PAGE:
One year with the Marion Boys Club trip to our property, a second adult joined us and he was the director of the Marion Boys Club Singers. His name was Dale. On one night that I was invited to my grandmother’s for pasti, Dale was left in charge of the boys.
On that night, the boys talked Dale into blowing up a can of pork and beans from within the campfire. Once placed under the large fire, Dale at least had the sense to tell the boys to hide behind the trees or within moments a large explosion shook the area and much o the wood rom that campfire shot out of that pit.
Beans flew everywhere but so did parts of that can. The lid of that can imbedded itself a good inch into one of our trees. Had that lid hit a boy the results could have been deadly. I’m sure that neither the boys nor Dale thought of that risk.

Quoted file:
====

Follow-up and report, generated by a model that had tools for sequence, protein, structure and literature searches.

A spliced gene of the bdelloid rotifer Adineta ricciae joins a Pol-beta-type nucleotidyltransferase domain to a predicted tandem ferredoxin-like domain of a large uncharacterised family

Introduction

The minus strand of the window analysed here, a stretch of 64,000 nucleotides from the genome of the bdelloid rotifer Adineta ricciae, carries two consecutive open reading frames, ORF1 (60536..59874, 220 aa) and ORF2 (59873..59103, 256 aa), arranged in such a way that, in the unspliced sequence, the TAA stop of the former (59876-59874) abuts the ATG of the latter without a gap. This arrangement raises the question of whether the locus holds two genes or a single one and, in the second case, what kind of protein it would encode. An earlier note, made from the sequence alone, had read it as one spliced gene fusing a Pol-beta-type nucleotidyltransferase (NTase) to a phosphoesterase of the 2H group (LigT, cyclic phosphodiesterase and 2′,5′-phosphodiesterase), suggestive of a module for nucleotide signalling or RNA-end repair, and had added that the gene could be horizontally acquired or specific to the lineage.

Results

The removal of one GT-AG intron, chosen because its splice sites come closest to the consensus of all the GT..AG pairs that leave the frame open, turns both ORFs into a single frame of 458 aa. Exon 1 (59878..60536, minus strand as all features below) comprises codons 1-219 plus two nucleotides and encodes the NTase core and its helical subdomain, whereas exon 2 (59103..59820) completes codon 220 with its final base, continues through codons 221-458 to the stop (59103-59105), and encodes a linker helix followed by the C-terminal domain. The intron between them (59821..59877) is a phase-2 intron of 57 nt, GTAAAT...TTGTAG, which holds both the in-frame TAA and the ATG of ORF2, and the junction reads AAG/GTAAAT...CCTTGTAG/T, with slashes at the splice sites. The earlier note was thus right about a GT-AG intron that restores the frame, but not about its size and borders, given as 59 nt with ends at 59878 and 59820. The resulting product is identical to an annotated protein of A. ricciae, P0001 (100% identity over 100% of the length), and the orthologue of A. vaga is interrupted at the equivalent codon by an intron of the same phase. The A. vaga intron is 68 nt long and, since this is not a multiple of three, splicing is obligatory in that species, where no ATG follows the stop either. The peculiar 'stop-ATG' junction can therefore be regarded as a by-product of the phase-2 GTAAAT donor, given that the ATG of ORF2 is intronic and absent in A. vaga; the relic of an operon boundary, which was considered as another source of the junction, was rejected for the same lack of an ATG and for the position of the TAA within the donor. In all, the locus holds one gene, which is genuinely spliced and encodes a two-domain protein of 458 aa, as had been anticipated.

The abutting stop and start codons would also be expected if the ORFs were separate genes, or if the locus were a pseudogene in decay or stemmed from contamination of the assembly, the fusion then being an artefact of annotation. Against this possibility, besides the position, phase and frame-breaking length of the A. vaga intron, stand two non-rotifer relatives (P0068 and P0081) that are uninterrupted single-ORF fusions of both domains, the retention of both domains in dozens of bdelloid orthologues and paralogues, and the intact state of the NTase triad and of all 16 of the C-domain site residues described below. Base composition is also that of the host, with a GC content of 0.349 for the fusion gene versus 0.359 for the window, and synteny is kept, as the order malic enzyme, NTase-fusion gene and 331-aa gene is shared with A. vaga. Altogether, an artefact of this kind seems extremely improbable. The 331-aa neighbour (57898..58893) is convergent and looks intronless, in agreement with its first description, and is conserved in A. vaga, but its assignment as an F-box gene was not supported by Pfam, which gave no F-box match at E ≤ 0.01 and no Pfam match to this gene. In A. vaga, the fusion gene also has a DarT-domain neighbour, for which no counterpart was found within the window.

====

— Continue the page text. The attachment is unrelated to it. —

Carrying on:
Upon my return that night I found beans everywhere. By then the campfire area itself had been put back in order. I told the boys that if the beans weren’t all gathered up we would have some night critter visitors munching on that offering. So very reluctantly, the boys gathered up all the beans they could find and dumped them into the campfire one by one.
Valuable lessons were learned that night and I think their clean-up efforts far outweighed the “fun” they had of watching a can of beans explode. I also informed the boys of how deadly that “game” of theirs might have become.
They also did hear a couple of night visitors outside their tent by way of a squirrel or raccoon that had come out to feast on what the boys had not found. One thing was certain and that was that those critters cleaned up the area even better than the boys did that evening.
Yet had those beans been eaten, night toots might have made the situation even worse if you know what I mean. Thank God for well ventilated tents!